Executives at Orion Pictures liked the script for Strange Invaders and were looking for a good film at a modest price with mainstream appeal. Orion provided half of the film’s $5.5 million budget with England’s EMI Films coming up with the rest. As a result, Orion received distribution rights for North America while EMI handled the rest of the world. As part of the financing deal, Orion and EMI demanded several script changes, which Condon and Laughlin found difficult because they had to try and explain their ideas verbally. The companies’ influence reduced the film’s scope. For example, in the original script, the American government was a much bigger threat with a big sequence taking place at an Air Force base. This bothered Laughlin because the changes resulted in a lack of a well-defined middle section that he and Condon had to work on.
Orion and EMI also influenced the casting process and approved every choice Laughlin made. The original script was written with Michael Murphy in mind (he was also in Strange Behavior) but EMI refused, much to Laughlin’s confusion “because there didn’t seem to be a good reason for his rejection. I guess it was a matter of personal taste.” Orion and EMI suggested Mel Gibson or Powers Boothe to play Charles instead but Laughlin’s choice was Paul Le Mat because he hadn’t played that kind of role before and had what Laughlin saw as a “Joel McCrea quality” that he was looking for.
For the role of Betty, Laughlin wanted an actress from New York and not someone from California playing a New Yorker. Condon was a big fan of Brian De Palma’s films and Nancy Allen who had appeared in several of them. Louise Fletcher’s government agent was originally written as a man, a “Bob Balaban bureaucrat,” but during the screenwriting process, Condon and Laughlin decided to change the character to a woman and cast Fletcher who had been in Strange Behavior.
There are several references to science fiction films from the ‘50s with the presence of Kenneth Tobey (star of the original version of The Thing) and June Lockhart (one of the stars of Lost in Space), at one point, someone is watching The Day the Earth Stood Still (1951) on television, and the film’s score could easily feel right at home in that decade, complete with the use of the Theremin, a unique musical instrument that emits an eerie sound – the hallmark of several films from that era. Laughlin was drawn to the ‘50s because it gave a “very American texture. There was a tremendous burst of imagination.”
Strange Invaders is an offbeat film to say the least with an off-kilter rhythm that probably didn’t endear it to audiences in the 1980s (or now, judging from its continuing anonymity). The very dry humor pops up in the unlikeliest places but in a good way, if that makes any sense. Charles is hardly the overtly heroic type but is rather a mild-mannered professor bewildered by what he’s witnessed. Paul Le Mat (American Graffiti) plays a rather odd protagonist as he keeps his performance grounded in realism, which are in sharp contrast to the fantastic encounters his character experiences. There is something refreshingly unique about it but detractors found him bland and uninteresting. Nancy Allen, a mainstay of genre films (see Dressed to Kill, Blow Out and RoboCop), plays an ideal foil to Le Mat’s determined professor as a jaded tabloid journalist. Betty is no damsel in distress and helps Charles uncover the alien threat.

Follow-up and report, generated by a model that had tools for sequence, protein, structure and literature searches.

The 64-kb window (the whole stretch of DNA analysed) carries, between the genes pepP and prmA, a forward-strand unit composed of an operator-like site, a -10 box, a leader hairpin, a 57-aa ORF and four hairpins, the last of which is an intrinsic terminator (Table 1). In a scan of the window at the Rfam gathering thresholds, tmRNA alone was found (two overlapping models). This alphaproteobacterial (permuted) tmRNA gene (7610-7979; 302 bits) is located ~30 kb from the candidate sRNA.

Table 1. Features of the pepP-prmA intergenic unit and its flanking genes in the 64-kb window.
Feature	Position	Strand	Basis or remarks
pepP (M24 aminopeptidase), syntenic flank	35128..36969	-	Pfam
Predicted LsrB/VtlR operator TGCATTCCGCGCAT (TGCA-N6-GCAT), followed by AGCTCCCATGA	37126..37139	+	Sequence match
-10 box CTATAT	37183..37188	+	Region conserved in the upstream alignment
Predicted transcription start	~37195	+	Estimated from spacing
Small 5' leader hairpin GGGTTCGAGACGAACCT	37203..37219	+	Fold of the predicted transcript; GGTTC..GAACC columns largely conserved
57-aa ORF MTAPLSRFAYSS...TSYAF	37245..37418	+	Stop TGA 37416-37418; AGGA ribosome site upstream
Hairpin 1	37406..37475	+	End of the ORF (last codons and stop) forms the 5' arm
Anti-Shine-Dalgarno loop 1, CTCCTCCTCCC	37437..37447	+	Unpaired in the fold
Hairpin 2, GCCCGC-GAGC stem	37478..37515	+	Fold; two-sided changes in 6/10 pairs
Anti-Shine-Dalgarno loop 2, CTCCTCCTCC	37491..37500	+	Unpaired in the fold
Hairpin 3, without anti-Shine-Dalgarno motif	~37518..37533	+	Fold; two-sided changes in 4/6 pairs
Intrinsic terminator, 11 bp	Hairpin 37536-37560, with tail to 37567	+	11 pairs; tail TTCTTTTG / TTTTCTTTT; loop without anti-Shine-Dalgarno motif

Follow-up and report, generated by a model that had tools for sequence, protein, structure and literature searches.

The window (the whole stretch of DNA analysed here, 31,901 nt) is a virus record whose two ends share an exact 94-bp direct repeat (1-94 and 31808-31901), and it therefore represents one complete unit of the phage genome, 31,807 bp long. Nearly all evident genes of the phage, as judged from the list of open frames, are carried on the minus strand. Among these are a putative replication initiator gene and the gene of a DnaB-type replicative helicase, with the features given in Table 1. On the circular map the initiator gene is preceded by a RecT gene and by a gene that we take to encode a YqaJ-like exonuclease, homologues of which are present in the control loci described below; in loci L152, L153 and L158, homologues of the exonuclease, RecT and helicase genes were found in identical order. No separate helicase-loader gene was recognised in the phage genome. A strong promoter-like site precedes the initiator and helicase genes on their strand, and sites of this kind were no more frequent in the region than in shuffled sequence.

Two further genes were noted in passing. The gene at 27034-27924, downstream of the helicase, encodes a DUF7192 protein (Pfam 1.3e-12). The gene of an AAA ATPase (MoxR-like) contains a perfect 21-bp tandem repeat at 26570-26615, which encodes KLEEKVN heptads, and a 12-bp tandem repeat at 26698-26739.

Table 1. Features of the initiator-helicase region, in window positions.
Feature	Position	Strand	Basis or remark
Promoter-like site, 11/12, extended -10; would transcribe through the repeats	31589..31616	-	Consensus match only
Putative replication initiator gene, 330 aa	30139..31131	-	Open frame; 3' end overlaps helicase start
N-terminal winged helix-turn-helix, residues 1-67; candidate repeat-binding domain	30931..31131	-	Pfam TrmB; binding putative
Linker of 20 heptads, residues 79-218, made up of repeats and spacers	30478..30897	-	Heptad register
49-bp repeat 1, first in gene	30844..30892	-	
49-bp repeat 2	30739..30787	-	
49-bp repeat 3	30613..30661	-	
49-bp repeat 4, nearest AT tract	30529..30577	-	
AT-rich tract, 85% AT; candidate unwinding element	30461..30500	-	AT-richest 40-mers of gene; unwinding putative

Strange Invaders received mixed reviews from what few film critics saw it. In his review for The New York Times, Vincent Canby called it, "a tasteful monster movie with a terrible secret: it eats other movies.” Newsweek magazine’s David Ansen wrote, "Hovering unclassifiably between nostalgia and satire, this amiably hip genre movie confirms Laughlin as a deliberately minor but unique stylist. It's up to the viewer to determine just how faux his naïf style is, but either way you choose to take it, Strange Invaders offers a good deal of laid-back fun.” The Globe and Mail’s Jay Scott wrote, "Strange Invaders is a pastiche, a film-school jumble of aphorisms and winks at the audience that are neither as knowing nor as amusing as they are meant to be."
Strange Invaders gradually builds the mystery, giving us bits and pieces so that we put it together along with Charles and Betty. This includes the reveal that the United States government is in cahoots with the aliens, anticipating The X-Files by several years. Strange Invaders’ commercial failure sadly nixed a third film in Laughlin’s proposed “Strange trilogy.” At the time of Strange Invaders, a third film, a World War II spy thriller with science fiction elements entitled The Adventures of Philip Strange, was planned with Laughlin hoping to cast many of the same actors and crew members from his two previous films. I, for one, would have loved to have seen where the filmmakers were going to take the story next. Strange Invaders does achieve a certain amount of closure and went on to anticipate other ‘50s alien invasion homages/parodies, like Top of the Food Chain (1999) and the more recent Alien Trespass (2009) – both of which fared just about as well commercially as Strange Invaders, which just goes to show that this kind of film only really appeals to a niche market but maybe that’s just as well.